French

French Classes

2.7 
Price: 29.5€/year

Resource Image

French Classes is a website that contains French lessons with accompanying exercises, transcriptions with audio, and 120 dictation exercises. The thirty-six beginner lessons will take you through the basics and lead you to full immersion at the intermediate and advanced levels. There are also about 200 supplementary audio lessons about travel, news, society, and culture with accompanying transcripts and contextual notes to support your learning.

Each lesson is divided into two parts. The first part contains a grammar lesson, while the second contains a series of exercises. Both sections have an accompanying audio file recorded by native speakers. Unfortunately, the website does not detect your mistakes automatically, so you will have to check your responses yourself for the dictation and grammar exercises. This also means that you have to grade yourself on your progress.

Overall, French classes may not be worth the investment unless you truly enjoy reading and listening to long grammar explanations. Also, you probably won’t be able to advance through the lessons without the support of other resources, like a private tutor.

As an alternative, learners of all levels can check out TV5 Monde, while beginners may want to try French in Action or Podcast Français Facile . These are all free resources that have dynamic lesson structures.

The current rating is our best estimate. We haven’t had the opportunity yet to more thoroughly evaluate this resource, as we do for our full reviews.

Visit

lexilogos

3.5 
Price: Free

Resource Image

Although Lexilogos seems to have entirely neglected its aesthetics, it holds more than meets the eye. If you click on one of the 130+ languages listed at the bottom of the page, you will find a series of resources to support your studies. This is especially useful for less-studied languages, like Marathi, Basque, and Pashto. Although the lists don’t provide recommendations for applications, they do provide a list of dictionaries, keyboards, news sites, books, and research papers. Additionally, if you switch to the French version of the site, there are even more languages and resources available for you to explore.

Within each language’s page, there is also a dictionary search function. You will notice that more commonly studied languages will have dozens of dictionaries to choose from, while less commonly studied languages may only have one or two.

Overall, Lexilogos is a great option for finding resources for less commonly studied languages. They regularly update their site, so make sure to check back if you don’t find what you’re looking for the first time around.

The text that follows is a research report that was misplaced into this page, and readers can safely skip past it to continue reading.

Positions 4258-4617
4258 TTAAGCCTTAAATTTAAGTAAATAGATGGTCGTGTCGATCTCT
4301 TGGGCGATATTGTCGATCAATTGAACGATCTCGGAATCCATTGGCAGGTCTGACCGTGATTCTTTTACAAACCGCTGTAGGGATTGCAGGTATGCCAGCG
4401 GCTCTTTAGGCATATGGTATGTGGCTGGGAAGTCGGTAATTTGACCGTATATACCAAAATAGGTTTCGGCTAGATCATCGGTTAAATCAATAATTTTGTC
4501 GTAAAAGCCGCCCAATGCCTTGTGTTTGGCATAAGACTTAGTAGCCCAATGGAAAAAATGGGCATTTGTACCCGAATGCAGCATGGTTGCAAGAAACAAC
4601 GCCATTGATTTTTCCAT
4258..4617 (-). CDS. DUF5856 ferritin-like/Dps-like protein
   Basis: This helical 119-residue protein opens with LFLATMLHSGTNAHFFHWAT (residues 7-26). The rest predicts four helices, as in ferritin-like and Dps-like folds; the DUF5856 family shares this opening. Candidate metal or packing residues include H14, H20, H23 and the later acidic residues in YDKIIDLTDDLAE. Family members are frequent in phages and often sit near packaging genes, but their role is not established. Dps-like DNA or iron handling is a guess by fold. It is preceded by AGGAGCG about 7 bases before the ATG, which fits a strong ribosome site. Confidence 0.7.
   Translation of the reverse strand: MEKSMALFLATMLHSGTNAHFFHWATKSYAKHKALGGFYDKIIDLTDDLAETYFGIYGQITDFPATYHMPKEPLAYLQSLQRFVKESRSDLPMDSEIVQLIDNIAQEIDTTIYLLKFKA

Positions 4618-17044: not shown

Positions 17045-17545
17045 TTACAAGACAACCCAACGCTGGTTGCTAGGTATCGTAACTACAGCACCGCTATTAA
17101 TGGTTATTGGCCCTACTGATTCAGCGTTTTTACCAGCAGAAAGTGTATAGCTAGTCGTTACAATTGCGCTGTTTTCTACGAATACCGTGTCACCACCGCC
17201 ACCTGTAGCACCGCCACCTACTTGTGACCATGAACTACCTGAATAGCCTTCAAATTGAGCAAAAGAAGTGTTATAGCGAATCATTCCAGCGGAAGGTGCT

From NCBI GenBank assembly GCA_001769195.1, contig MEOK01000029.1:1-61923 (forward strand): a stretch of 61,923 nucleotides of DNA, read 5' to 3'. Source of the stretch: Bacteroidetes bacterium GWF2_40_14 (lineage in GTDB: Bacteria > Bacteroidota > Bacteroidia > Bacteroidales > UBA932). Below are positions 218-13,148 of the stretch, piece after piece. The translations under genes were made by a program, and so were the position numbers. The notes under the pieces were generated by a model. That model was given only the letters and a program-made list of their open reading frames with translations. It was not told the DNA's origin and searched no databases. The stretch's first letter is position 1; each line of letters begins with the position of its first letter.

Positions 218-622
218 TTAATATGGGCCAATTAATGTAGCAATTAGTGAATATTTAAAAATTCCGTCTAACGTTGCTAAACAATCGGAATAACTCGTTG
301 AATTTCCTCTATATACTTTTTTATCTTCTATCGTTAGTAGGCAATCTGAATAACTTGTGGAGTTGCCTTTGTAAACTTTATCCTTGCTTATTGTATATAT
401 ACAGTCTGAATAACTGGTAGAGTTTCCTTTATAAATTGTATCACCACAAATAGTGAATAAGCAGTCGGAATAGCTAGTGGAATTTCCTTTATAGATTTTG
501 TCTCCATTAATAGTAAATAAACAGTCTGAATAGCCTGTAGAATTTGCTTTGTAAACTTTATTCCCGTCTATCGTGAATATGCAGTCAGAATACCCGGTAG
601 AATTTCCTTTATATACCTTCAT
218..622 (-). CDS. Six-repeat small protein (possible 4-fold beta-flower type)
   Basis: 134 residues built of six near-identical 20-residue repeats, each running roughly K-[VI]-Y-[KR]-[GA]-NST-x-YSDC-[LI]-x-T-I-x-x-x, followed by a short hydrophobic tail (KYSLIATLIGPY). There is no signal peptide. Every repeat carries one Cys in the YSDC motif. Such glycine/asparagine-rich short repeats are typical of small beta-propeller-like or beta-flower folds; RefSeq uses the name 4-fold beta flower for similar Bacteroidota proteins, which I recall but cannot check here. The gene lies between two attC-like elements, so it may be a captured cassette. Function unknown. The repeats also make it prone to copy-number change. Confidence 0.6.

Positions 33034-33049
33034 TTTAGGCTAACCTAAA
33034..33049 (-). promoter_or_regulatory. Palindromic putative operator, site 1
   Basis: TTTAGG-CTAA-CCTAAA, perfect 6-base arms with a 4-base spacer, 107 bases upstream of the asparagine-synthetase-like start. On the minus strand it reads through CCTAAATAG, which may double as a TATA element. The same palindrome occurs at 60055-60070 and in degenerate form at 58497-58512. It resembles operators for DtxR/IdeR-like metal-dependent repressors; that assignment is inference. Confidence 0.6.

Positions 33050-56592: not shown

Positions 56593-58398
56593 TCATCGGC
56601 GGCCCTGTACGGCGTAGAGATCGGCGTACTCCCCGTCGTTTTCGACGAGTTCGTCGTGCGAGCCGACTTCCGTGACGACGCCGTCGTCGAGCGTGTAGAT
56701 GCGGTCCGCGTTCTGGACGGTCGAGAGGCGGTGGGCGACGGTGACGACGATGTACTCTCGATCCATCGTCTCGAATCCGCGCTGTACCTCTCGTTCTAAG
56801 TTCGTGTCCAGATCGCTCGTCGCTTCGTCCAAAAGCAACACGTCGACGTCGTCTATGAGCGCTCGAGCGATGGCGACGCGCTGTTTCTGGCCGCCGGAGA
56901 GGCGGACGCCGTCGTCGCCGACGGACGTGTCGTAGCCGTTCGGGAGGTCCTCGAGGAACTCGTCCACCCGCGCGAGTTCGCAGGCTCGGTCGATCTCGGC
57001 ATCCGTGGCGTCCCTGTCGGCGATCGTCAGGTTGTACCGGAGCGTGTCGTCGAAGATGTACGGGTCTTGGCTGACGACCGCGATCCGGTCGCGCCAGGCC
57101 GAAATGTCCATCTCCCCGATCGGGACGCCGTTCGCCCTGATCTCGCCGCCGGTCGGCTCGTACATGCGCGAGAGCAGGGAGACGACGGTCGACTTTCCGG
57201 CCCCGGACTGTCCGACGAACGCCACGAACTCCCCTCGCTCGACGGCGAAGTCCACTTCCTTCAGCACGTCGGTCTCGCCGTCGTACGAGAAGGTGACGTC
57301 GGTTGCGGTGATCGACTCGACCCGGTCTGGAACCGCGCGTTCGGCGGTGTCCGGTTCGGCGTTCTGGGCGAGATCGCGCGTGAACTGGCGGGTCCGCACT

The current rating is our best estimate. We haven’t had the opportunity yet to more thoroughly evaluate this resource, as we do for our full reviews.

Visit

Duolingo

Quick Review

Summary:

Duolingo is a super popular free language-learning app. It’s available for desktop as well as mobile and offers over 90 different language courses in over 20 different languages — there are currently 35 languages with English instruction. The Duolingo approach is gamified and easy to use, but the bite-sized lessons don’t offer much in the way of in-depth practice. The Duolingo tag line is “Learn a language in just five minutes a day.”

Quality

It’s easy and fun to use, but some pronunciation and grammar instruction is of low quality, especially for Asian languages.

Thoroughness

The app works well for learning the basics, but there’s little speaking practice and grammar instruction is limited.

Value

It’s a lot of content for free, but you’ll need to use supplementary resources.

Languages: Duolingo offers 35 language courses with English instruction, three of which are constructed languages. Courses are available in most popular languages, including Spanish, French, German, etc.

Price

Duolingo is totally free. Duolingo Plus offers a few additional features and is available for:

$12.99/month (paid monthly)
$6.99/month (12-month subscription)

(more…)

Rosetta Stone

Price: Subscriptions start at $35.97 for 3-months

Quick Review

2.7 

Summary:

Rosetta Stone is one of the most well-known resources for learning languages. It takes an immersive approach to teaching and is widely used by corporations and individuals alike. High levels of repetition and an absence of translations or explanations are hallmarks of the course.

A Rosetta Stone course could be most suitable for learners that don’t mind repetitive exercises and prefer to learn from pictures and context rather than translations and explanations. It’s probably not a good option for anyone wanting to significantly improve their speaking or writing skills, or those looking for an engaging course.

Quality

The platform is a bit clunky on desktop, but the material is accurate and presented clearly; lesson mechanics are fairly intuitive.

Thoroughnes